Europe lets itself down (again)
It’s not just that they didn’t give it to Tony, disappointing as that is, it’s the sheer, crushing, repetitive lack of ambition that they’ve shown. ‘They’, by the way, are the great and the good of the European Council who yesterday appointed a little-known Belgian as the first President and an even less well-known British Peer as their foreign emissary.
This is the perfect example of the overwhelming inadequacy of the European structures that we have.
Faced with truly international problems, problems like terrorism, climate change and carbon crises that require a coalition of the willing to solve, Europe has remained devastatingly unable to respond dynamically. This should be Europe’s time; these are the very issues for which the founding members designed the Union in the first place.
But instead of uniting behind America in facing down fanatics, Europe bickered; instead of aggressively pursuing CO2 cuts, European states have negotiated behind one another’s backs; and instead of demanding that Russia play fair with what’s left of the world’s oil, European leaders stabbed one another in the back to secure their own supplies. We are a ‘family of nations’ only in the sense that we seem to secretly seethe with envy at one another, compete constantly and only reluctantly sit down together in the same room once every few months.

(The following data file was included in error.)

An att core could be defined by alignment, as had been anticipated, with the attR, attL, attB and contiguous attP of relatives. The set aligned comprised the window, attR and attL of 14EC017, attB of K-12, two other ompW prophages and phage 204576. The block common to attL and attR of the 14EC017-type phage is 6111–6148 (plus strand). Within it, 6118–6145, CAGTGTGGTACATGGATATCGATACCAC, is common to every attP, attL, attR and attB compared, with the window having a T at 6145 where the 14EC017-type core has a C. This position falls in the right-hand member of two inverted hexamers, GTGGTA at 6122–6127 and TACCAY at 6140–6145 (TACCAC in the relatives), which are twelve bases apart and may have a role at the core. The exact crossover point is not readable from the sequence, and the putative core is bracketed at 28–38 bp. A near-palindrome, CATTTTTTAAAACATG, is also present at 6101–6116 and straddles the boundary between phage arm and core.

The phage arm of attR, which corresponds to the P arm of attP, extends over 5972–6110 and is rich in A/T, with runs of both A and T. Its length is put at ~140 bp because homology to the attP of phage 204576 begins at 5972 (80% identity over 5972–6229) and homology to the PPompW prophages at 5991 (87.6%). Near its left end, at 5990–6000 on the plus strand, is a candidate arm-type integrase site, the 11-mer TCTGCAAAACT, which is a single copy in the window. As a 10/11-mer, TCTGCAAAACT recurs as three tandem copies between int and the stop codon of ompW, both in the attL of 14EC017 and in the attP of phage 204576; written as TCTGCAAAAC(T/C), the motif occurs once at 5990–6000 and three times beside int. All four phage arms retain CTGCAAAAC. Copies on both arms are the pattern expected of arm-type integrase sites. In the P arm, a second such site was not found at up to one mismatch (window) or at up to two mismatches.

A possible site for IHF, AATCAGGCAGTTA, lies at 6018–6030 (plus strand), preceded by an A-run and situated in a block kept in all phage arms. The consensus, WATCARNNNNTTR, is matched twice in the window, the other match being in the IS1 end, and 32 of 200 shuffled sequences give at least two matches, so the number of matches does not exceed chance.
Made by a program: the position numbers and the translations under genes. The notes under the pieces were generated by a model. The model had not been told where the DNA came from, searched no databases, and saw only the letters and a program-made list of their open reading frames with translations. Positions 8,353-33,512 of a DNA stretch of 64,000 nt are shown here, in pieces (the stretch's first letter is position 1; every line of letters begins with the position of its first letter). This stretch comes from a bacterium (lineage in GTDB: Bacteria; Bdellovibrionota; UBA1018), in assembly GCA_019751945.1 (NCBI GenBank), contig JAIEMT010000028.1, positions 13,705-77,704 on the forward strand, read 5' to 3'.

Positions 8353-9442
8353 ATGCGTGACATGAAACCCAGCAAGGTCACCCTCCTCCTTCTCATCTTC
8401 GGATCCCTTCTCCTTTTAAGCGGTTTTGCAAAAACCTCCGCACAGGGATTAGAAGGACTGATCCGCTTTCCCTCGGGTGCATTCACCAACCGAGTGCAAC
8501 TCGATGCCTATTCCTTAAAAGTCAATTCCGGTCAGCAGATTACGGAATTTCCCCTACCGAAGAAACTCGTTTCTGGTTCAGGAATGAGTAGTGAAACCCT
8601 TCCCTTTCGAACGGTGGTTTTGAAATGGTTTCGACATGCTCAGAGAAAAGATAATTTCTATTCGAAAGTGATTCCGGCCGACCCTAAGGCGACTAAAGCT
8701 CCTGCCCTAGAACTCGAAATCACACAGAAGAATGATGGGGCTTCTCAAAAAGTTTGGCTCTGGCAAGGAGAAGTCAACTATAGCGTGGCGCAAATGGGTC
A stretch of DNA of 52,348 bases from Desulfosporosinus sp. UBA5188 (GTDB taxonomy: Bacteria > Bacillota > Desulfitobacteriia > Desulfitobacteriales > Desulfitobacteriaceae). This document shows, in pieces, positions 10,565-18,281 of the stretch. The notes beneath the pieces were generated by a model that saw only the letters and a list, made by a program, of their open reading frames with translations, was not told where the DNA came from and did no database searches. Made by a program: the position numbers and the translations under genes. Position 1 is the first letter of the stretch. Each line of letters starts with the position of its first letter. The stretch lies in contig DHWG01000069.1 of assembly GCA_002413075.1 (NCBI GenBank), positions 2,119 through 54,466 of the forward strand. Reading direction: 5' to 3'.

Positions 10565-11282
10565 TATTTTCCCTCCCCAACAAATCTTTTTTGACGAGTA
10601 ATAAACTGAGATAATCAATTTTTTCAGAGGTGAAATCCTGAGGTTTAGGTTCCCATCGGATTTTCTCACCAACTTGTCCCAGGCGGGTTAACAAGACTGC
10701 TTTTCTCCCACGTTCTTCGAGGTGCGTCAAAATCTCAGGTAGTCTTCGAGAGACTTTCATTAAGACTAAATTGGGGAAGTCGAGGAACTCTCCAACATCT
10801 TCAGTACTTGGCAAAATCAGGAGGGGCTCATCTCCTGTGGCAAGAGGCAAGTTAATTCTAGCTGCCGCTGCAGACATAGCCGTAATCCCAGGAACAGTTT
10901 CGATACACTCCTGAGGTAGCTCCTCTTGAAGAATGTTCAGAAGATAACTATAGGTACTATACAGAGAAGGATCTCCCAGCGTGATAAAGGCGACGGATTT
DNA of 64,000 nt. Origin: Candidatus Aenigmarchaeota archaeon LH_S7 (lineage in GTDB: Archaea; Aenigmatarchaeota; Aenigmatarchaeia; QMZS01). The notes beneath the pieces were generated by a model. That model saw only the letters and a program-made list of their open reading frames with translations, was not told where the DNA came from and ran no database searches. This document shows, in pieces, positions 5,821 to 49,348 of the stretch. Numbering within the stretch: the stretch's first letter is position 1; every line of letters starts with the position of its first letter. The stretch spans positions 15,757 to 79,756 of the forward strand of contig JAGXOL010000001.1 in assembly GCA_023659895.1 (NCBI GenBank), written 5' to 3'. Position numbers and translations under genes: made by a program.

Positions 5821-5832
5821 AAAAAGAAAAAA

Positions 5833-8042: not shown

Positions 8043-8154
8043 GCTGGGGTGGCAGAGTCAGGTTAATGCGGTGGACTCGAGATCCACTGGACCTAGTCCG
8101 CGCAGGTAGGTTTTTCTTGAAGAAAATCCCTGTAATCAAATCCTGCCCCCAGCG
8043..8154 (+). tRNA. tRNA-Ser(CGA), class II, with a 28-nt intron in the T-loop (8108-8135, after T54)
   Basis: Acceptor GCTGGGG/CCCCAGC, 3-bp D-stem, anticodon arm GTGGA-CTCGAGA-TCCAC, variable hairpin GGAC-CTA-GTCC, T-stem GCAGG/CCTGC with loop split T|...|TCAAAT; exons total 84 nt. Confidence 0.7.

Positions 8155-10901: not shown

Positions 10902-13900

But, in the Treaty of Lisbon, this bickering cabal had the opportunity to forge a brighter path. Here they were presented with two new posts to fill, new posts that would present the face of Europe to the world and argue the case for Europeans in foreign capitals. The candidates list, whilst hardly exhilarating, contained a couple of genuinely good names. The battleaxe’s battleaxe, Vaira Vike-Freiberga - or the equally charismatic and high-powered Tony Blair – could have been President. Clinton-idol and uber-geek, David Milliband, might have been foreign representative. But no, any of those might have actually done their jobs, shaped their roles and produced effective outcomes – overshadowing (perhaps) the very members of the council that appointed them. So, instead, we have been lumped with two nobodies.
What’s the solution? Well, as the assorted European Prime Ministers and Presidents have shown that they are utterly incapable of appointing the competent (or at least the memorable) perhaps we should let the European citizenry decide instead.
I know this sounds like blasphemy from a Euro-sceptic but, if Europe is serious about being taken seriously, it is the only way; come on Europe, let’s let the people decide.